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Great works of art are those to which we are compelled to return, and which repay further visits by revealing things we didn’t perceive before. Such artwork is rich in information, and this information tends to be structured (if it was disorganised, it would lack coherent meaning). Artwork like this is complex. My PhD research project investigates complexity as an aspect (or ‘dimension’) of art whose effects have rarely been studied explicitly. The project will focus on the visual complexity of contemporary art, and as such this is a question of aesthetics. This constitutes a field of enquiry that must cover both objective and subjective phenomena involved in perception, therefore external forms and internal percepts, affects and concepts (Deleuze & Guattari 1994) are the objects of study.

Approach to Problems

The few published papers on questions of complexity and visual perception tend to be located in the areas of psychology or neurology, not in the arts. In other words, the subject of my research has thus far been identified as a problem whose answers are to be found through the use of scientific method. It may be said that artists create work in order to elicit a certain response in the mind of the audience. According to the neurologist Semir Zeki, who pioneered the field of neuroesthetics:

It is for this reason that the artist is in a sense, a neuroscientist, exploring the potentials and capacities of the brain, though with different tools. How such creations can arouse aesthetic experiences can only be fully understood in neural terms. (Zeki 2004)

This is an interesting position, but I don’t agree that aesthetic experiences can only be understood scientifically. In fact, Zeki’s statement that artists effectively act as neuroscientists suggests that an artistic form of activity may offer something different than a scientific approach. Science may be able to explain a phenomenon, but art is able to impart its experience (for example, no explanation of redness can equal the experience of seeing red). It is for this reason that my project will include my own art practice as the basis for one of the research methods that will be employed in addition to the use of scientific method – in this case functional neuroimaging, which will reveal the activity of the brain whilst perceiving images. Both methodologies will be evaluated in terms of their contribution to knowledge. I have experience of scientific work in industry and education, but since I am no specialist in neural imaging, I intend to collaborate with scientists to carry out experiments on perception using fMRI and/or EEG technology.

The artistic and scientific methodologies will be mediated by an analysis of artworks and categorisation in terms of their complexity. In order to do this, I am testing-out content analysis and some of the many different methods of quantifying and qualifying complexity that have been proposed.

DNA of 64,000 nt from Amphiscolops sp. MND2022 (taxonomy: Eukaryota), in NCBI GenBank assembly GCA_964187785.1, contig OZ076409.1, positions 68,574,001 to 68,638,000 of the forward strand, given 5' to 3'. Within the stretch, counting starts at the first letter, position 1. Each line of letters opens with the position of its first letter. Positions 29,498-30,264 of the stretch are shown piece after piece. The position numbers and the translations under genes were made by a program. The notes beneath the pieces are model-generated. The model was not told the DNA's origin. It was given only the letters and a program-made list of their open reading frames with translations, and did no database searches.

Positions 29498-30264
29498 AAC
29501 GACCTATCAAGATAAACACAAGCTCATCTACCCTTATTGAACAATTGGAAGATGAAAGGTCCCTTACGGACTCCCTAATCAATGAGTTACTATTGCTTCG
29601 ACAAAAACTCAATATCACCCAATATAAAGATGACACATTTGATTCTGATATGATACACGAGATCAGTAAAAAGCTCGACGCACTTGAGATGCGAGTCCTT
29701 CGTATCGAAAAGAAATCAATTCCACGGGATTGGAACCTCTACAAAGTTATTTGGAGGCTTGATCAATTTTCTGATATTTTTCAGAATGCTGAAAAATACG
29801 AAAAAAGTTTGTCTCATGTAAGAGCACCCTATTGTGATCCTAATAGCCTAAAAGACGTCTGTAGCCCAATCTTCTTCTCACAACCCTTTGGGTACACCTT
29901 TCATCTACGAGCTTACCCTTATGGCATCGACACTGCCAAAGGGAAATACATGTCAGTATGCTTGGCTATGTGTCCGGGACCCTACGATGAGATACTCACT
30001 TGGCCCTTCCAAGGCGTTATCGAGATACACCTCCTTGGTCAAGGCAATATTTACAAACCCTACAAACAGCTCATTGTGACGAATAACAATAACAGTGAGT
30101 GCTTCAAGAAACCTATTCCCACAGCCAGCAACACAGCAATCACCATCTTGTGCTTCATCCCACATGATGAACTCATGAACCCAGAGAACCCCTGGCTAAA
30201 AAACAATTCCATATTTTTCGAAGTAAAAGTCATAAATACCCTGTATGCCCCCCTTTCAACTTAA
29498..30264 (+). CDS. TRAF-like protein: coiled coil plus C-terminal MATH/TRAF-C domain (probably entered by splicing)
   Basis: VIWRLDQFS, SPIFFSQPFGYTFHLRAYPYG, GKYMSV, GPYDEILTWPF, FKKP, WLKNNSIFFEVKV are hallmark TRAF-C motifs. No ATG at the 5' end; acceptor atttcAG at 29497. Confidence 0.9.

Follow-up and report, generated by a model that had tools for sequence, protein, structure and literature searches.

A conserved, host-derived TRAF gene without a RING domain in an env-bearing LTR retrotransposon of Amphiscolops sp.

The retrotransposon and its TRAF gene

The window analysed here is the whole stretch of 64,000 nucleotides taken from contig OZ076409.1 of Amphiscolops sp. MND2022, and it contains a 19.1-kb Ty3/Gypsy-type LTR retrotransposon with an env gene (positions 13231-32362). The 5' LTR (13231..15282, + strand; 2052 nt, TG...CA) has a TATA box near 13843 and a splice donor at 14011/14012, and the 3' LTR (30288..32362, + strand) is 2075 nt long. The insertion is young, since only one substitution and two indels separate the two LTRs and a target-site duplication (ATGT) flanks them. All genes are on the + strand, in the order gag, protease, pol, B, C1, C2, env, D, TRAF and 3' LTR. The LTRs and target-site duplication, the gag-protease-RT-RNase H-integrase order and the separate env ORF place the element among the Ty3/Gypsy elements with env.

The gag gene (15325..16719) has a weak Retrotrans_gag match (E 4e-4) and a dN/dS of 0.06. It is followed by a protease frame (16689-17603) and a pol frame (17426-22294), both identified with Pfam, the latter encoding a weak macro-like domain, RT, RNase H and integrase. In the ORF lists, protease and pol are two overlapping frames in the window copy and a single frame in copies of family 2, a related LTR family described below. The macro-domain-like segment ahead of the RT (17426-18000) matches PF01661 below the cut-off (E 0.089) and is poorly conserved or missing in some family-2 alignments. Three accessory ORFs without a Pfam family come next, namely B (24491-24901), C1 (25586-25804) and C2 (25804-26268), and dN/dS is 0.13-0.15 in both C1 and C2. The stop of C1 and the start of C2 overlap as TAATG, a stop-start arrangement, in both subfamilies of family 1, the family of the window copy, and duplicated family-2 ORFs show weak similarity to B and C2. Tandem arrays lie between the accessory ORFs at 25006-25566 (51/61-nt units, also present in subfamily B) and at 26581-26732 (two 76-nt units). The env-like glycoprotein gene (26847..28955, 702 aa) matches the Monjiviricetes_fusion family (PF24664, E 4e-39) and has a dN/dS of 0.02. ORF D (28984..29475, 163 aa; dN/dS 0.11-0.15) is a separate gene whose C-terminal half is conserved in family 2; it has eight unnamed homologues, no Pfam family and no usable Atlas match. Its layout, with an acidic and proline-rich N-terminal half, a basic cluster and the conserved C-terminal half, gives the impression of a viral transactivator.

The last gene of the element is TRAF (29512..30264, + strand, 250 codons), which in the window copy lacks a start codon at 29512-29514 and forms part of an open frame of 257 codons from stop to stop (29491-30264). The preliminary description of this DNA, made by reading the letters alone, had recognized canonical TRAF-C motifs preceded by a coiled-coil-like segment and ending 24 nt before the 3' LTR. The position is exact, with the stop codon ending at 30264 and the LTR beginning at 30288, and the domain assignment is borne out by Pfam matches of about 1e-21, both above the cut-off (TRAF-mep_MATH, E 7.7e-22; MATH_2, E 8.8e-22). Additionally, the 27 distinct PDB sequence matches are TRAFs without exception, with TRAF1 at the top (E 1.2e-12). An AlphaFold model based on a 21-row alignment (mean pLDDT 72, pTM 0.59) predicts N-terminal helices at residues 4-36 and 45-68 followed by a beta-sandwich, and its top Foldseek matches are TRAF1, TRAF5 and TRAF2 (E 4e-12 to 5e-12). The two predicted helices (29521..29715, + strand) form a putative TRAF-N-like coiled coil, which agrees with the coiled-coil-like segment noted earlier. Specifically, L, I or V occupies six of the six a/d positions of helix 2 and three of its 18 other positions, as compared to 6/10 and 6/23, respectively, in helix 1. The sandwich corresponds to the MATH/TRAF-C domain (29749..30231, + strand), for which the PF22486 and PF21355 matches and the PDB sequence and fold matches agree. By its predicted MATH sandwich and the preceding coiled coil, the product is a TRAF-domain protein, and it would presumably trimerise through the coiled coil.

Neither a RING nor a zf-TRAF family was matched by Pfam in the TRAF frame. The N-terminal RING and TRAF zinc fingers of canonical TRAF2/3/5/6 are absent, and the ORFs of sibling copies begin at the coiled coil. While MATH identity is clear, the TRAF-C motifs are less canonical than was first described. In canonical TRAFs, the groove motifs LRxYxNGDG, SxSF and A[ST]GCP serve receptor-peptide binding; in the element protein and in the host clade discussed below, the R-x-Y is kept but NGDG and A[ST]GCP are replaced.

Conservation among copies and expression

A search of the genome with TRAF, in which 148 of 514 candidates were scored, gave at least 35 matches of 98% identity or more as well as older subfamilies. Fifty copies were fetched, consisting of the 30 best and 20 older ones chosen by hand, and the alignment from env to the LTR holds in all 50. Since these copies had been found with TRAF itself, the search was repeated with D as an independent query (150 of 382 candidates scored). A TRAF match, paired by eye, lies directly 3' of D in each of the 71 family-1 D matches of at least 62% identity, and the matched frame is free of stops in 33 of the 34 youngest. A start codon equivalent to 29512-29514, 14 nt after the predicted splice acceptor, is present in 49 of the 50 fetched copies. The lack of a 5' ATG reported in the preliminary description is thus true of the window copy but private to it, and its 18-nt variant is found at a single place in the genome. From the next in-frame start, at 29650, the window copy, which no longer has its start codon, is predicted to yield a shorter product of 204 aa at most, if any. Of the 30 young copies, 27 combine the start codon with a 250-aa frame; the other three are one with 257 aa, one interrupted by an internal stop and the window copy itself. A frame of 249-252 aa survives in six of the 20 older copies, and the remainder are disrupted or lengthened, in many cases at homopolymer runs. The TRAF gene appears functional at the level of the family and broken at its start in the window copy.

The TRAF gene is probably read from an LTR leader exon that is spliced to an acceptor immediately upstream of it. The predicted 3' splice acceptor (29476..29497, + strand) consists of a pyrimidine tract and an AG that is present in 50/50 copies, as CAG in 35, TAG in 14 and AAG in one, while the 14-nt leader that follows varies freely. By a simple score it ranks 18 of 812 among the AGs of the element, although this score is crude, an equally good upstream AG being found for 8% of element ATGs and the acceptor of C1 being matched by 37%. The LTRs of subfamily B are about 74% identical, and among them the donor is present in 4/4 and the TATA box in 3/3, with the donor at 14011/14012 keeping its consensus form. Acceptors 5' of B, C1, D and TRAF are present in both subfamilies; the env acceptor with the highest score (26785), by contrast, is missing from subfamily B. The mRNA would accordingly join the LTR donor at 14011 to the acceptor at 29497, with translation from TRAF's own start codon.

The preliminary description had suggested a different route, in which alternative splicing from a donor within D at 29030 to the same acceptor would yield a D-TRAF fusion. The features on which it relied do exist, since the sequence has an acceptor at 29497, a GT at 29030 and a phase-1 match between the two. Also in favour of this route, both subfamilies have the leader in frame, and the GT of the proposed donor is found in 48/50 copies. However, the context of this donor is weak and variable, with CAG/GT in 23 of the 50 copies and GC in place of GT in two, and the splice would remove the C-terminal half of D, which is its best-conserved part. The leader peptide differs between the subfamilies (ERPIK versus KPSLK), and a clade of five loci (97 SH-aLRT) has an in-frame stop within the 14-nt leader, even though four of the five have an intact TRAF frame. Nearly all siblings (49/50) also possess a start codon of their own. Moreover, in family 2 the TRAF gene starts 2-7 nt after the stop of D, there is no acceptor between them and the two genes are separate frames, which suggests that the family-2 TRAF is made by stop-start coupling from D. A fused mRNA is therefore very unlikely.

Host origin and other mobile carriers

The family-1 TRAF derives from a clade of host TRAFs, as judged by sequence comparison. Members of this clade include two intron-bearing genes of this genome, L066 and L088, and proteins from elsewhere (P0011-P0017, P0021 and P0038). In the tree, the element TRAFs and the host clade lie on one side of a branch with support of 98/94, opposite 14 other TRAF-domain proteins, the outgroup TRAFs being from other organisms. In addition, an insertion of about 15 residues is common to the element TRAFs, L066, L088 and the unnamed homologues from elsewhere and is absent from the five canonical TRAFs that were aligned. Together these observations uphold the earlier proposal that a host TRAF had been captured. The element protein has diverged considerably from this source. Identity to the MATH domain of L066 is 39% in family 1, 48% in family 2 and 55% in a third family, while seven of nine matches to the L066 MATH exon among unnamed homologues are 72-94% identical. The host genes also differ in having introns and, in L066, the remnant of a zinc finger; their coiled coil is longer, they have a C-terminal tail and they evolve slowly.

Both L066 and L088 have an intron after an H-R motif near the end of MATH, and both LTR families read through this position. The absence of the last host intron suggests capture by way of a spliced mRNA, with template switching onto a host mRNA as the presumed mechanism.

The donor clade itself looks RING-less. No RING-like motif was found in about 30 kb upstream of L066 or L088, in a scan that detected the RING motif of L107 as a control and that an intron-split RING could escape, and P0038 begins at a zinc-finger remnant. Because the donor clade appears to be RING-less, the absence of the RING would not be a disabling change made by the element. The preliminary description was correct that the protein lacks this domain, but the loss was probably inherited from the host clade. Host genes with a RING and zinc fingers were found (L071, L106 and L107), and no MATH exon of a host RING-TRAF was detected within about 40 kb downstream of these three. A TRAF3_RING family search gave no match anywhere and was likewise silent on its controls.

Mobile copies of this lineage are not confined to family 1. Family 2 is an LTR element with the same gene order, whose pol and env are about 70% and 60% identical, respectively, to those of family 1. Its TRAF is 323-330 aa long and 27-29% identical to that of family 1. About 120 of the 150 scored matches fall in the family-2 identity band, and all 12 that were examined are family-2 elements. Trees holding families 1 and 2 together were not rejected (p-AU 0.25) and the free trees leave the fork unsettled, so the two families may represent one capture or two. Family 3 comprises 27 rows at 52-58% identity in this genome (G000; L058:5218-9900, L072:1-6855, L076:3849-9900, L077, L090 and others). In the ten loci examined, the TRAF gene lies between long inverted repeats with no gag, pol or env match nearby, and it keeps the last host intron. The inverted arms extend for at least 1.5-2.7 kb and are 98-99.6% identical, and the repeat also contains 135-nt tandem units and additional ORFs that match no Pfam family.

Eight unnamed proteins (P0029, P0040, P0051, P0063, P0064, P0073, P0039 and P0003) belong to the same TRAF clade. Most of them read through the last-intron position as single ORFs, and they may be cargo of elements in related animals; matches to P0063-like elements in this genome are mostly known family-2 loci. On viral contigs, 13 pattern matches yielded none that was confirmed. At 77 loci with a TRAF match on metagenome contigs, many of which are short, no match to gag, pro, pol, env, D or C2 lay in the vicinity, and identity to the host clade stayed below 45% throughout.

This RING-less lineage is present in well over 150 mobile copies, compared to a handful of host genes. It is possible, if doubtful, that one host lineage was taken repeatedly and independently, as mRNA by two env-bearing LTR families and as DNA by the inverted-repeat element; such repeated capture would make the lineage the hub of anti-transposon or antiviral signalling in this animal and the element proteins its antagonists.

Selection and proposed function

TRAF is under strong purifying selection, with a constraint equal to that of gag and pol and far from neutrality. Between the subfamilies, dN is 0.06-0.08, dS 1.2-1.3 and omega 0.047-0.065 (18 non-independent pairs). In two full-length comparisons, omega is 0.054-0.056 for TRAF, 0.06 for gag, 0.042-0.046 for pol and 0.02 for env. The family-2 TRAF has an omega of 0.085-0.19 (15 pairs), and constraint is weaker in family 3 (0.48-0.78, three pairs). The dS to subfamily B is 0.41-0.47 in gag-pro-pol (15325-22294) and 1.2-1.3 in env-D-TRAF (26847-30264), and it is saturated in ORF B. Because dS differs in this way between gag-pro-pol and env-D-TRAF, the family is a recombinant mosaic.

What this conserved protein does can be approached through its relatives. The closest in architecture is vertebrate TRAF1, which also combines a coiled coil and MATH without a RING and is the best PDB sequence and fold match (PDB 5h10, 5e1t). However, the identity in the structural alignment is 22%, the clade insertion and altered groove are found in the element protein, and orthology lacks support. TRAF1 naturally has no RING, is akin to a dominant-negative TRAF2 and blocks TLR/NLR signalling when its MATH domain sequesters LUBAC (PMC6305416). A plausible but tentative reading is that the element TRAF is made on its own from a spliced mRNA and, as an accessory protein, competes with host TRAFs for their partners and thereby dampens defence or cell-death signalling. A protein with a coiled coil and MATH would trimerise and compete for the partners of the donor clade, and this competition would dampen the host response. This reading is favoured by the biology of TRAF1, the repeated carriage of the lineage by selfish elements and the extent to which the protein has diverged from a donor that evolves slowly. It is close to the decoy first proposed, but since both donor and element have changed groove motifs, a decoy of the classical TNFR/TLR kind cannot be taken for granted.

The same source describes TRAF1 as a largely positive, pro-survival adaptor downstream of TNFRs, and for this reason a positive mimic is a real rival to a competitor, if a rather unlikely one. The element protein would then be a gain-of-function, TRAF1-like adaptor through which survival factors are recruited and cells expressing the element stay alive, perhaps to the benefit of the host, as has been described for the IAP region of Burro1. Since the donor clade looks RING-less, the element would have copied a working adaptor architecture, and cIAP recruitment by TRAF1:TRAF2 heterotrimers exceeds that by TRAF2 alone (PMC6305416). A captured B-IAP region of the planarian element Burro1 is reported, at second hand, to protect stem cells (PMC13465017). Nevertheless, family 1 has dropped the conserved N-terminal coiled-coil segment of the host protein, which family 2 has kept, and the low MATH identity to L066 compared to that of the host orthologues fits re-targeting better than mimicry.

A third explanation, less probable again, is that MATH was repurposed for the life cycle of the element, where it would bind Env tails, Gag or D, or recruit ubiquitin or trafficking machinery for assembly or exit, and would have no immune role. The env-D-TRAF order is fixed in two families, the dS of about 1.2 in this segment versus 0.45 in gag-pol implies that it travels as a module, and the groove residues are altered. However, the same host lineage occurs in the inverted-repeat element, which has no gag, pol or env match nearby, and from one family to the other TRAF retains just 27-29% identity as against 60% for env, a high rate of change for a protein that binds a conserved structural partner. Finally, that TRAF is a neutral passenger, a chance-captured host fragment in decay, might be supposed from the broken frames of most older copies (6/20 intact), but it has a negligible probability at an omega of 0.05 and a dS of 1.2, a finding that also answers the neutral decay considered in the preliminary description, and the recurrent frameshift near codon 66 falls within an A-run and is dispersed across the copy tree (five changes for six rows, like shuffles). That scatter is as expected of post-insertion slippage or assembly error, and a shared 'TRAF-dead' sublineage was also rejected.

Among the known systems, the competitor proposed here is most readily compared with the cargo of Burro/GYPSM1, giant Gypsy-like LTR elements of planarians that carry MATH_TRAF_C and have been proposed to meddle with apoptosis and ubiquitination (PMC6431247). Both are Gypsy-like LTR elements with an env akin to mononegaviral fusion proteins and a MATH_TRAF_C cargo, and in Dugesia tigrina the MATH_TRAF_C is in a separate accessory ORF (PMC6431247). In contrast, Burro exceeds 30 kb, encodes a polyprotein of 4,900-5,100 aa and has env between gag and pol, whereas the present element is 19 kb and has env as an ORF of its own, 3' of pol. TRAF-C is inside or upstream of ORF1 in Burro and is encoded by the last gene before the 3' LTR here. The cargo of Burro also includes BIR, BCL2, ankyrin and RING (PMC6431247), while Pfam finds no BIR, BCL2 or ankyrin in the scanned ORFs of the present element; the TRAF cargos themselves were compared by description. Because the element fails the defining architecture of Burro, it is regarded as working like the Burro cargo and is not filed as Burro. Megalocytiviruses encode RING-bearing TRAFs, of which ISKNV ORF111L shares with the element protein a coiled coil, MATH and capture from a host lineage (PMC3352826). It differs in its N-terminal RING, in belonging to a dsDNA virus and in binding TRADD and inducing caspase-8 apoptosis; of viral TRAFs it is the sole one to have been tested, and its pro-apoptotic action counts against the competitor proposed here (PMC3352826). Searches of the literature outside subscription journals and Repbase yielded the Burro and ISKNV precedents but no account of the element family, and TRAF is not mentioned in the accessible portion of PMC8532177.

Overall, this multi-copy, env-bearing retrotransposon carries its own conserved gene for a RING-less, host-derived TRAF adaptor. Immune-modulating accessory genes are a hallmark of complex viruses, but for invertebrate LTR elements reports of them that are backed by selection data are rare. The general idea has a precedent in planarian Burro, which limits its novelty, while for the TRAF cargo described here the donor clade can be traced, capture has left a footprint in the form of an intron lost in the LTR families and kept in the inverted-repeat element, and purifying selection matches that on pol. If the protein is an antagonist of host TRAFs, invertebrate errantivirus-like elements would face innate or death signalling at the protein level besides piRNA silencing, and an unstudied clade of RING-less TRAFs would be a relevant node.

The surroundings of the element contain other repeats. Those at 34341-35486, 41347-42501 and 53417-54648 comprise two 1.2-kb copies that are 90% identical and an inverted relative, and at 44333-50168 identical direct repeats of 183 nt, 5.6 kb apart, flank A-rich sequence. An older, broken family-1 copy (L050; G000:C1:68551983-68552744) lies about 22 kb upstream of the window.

Research Questions

  • How does the visual complexity of an artwork affect our aesthetic percepts?
  • What is the role of these aesthetics in the creation of art?
  • Is complexity an unrecognised influence (characteristic?) of grouping amongst the plethora of contemporary artistic styles?
  • If art practice is to be proposed as a valid basis of research, what is the nature of this type of knowledge-production, and on what terms should its validity be constructed?


I have used the word ‘complexity’ in its normal meaning as the opposite of simplicity, but this project will also draw on the work of research in the field of complexity theory, where the word has a more specific meaning that does not equate to ‘complicated-ness’: A jet aircraft is complicated, but an insect is complex. Complexity theory studies dynamic processes or systems that display characteristics such as emergence (‘the whole is more than the sum of the parts’) and self-organisation (autopoiesis, Maturana & Varela 1980). The classic examples of complex systems are ants’ nests, the stock market and the brain. In agreement with Niklas Luhmann (2000) I would describe the art world as autopoietic, and so class it as a complex system. Ideas from this multi-disciplinary science are gaining currency beyond its original field, e.g. in business and management, but apart from the methods used by some ‘generative’ artists, they have yet to reach their potential in the world of art.


Aesthetics is now an unfashionable term in the art world, mainly due to the politicisation of art and the post-modern reaction to 19th. century Western ideas of beauty and taste. The post-modernists are right to question the authority of this idea, but I believe that what it refers to is still a significant element of creation and perception in the art of every culture insofar as we share the same cognitive structures. It could be said that the multi-disciplinary complexity theorists share a cognitive structure in their anti-reductionist approach to complex questions – could this approach shed new light on aesthetics?